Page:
Fox-hunting is undoubtedly a pursuit that causes pain and suffering; if it weren't, the upper-class and country set would see little point in it. That a fox can be seen as a pest or as vermin does not excuse the celebration of cruelty that accompanies the chase. Mice and cockroaches are vermin, too, but you don't see Rentokil in hunting pink, charging round your kitchen on a horse, blowing a trumpet and calling in the dogs if the prey has gone to ground behind the fridge.
Some say that hunting is the most painless way to kill a fox. However, if foxes had to choose between being chased and then torn apart by dogs, or a bottle of bubbly and a couple of vixens in a penthouse burrow, followed by a discreet lethal injection, guess which they would go for.
The hunting with hounds bill still has problems, though. First, it is being used cynically to pay off backbenchers and avoid scrutiny of the rather more pressing issue of British troops going to Afghanistan - who, in the absence of al-Qaeda forces, will be providing the US military with something to shoot at.
Second, once fox-hunting is abolished, what is to be done with groups of hoorays who will still want to charge around on their horses? Both these problems could be solved if, instead of troops, we despatched the fox-hunters to Afghanistan. After all, they claim that it is the thrill of the chase they enjoy. What could be more thrilling than galloping around the mountains and caves of Bin Laden territory and calling in the terriers to dig out those pesky Taliban who burrow in?
The hunting hoorays would probably not be the first unwanted gifts fobbed off on to the citizens of Afghanistan. It is likely that the US aid effort involves a practice known as "drug dumping", where pharmaceutical companies offload unsaleable stock as charitable donations.
Drug dumping has been around since the US tax laws made it profitable for pharmaceutical companies to "donate" their unwanted wares to the developing world, in return for tax credits.
There are several formulas for calculating these tax credits, but even the method that gives the smallest financial gain to the company still means they get to offset twice the cost of the drugs against tax. Given that the company would have to pay to dispose of unwanted or unusable drugs safely in regulated incinerators, the financial gains for "donations" start to mount up. So if a company has a product that isn't selling well, or if it needs the warehouse space, it makes sense to donate.
In practice, the tax laws have led to large quantities of out-of-date, short-dated or inappropriate drugs ending up in emergency zones. One of the most infamous cases was the dumping of appetite stimulants in a famine-stricken Sudan.
I can think of nothing, short of flying to Sudan and gorging on a gourmet meal in front of families as they starved to death, that can compare to the contempt the donating company showed for human life. That the US taxpayer probably financed this corporate snuff sideshow just adds insult to injury.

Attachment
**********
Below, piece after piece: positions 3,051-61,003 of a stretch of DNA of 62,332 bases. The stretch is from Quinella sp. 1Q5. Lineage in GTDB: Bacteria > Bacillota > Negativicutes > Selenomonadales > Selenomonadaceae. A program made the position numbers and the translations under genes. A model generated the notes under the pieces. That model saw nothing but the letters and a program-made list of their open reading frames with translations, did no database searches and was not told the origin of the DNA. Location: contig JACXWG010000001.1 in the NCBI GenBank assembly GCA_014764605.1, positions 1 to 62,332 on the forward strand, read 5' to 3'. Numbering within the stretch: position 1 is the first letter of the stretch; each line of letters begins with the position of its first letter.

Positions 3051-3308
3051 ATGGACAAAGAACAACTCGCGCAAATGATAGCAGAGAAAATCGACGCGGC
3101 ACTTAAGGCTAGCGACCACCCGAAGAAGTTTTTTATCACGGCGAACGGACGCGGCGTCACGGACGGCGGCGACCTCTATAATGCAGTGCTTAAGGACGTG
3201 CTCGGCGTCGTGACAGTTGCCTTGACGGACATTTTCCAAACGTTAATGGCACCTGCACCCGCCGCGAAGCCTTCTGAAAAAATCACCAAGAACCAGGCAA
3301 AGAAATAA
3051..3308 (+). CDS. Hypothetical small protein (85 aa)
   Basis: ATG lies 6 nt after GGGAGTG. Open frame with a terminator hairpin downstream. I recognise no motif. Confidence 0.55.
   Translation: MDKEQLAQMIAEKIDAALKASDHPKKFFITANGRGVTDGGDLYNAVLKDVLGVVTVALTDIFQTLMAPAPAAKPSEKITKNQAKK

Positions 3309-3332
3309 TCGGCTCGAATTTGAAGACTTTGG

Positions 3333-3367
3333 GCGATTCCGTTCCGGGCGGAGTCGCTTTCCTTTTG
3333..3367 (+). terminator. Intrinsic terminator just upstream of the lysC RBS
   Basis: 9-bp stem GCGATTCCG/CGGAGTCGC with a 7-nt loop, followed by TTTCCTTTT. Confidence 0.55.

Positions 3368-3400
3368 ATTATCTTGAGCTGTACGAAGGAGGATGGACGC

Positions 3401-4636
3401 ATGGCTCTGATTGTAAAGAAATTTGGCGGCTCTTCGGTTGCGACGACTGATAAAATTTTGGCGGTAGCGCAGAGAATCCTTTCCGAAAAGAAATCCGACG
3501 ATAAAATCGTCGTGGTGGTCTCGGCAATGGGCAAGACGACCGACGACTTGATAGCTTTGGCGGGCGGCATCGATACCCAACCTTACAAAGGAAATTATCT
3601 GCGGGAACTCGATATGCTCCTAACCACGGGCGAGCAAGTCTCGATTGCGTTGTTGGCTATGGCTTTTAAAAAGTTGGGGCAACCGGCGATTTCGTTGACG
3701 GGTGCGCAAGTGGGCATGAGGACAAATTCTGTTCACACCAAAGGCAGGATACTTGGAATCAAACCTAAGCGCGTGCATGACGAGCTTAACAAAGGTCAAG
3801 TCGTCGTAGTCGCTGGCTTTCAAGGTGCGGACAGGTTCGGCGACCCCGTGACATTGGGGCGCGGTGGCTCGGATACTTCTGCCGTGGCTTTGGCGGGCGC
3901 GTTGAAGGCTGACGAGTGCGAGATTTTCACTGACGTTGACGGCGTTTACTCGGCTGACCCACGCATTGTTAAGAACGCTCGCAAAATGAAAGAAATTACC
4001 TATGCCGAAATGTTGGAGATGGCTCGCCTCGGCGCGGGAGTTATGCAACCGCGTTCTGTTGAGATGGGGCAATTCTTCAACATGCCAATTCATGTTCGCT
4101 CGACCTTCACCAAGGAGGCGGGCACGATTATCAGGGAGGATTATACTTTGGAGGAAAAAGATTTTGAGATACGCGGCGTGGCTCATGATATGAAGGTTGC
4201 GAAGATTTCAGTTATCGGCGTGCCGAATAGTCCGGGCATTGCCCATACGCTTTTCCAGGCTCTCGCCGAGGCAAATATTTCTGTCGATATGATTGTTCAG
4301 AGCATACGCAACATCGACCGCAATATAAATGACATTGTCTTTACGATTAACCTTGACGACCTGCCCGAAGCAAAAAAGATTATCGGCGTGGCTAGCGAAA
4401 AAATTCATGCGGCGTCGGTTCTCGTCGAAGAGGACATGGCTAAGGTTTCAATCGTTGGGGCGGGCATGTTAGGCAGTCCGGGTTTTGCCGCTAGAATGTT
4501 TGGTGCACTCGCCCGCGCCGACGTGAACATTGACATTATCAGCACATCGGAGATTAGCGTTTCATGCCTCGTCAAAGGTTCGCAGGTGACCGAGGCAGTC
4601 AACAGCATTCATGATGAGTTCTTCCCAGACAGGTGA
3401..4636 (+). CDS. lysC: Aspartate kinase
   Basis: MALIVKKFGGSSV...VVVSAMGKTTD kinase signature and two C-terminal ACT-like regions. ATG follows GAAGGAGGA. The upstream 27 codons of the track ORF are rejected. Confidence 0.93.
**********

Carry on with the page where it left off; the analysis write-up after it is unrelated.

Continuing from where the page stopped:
Nor is this an isolated example. Bosnia-Herzegovina had so many unwanted, short-dated or inappropriate drugs dumped on it during the conflict in the early 1990s that the World Health Organisation had to shell out $34m to build an incinerator to dispose of the pharmaceutical companies' philanthropy. When Kosovars fled the bombs and the attacks on their families and homes to go to refugee camps in Albania in 1999, the US drug companies must have skipped around their boardrooms in delight at the prospect of clearing their shelves once again. Yes indeed: they dumped ten tonnes of depilatory cream and haemorrhoid cream in the makeshift Albanian camps.
Surely there is nothing a woman fleeing from murder, mayhem and burning houses would want less than hair remover. But maybe I'm wrong and the human impulse to survive and protect offspring comes second to the removal of unwanted leg stubble and bikini-line maintenance. If I am wrong, then by all means let me be the first to offer my services to Amnesty International's forthcoming benefit for Immac Aid.
Short-dated drugs are ones that can still be used, if they have previously been purchased, but cannot be sold in the US because they are between the sell-by and expiry dates. These are popular fodder for donation. Perhaps the biggest donation of this type was made by Eli Lilly and Co, which sent millions of Ceclor CD tablets, nearing their sell-by date, to Rwanda in 1994. Ceclor, an antibiotic, was not on the WHO list of approved drugs, and doctors refused to prescribe it. The company's press release said: "This is yet another example of Lilly's commitment to giving, especially in times of human tragedy."
In the last Budget, Gordon Brown announced a series of measures to improve the health of the developing world, including a tax credit scheme that would enable UK pharmaceutical firms to offset donations against tax. Many will find it a sickening prospect to help some of the richest companies on earth dump their unwanted crap on the most vulnerable people on earth. To prevent this, the companies should get no more than the cost of the drugs in tax credits, and the World Health Organisation guidelines on drug donations should be incorporated into the legislation.
Gordon Brown should remember that it is easier to pass a good law than to amend a bad one.
Mark Thomas is the co-author of a War on Want report on drug dumping, which is the subject of his Channel 4 show on Wednesday 3 April, 11pm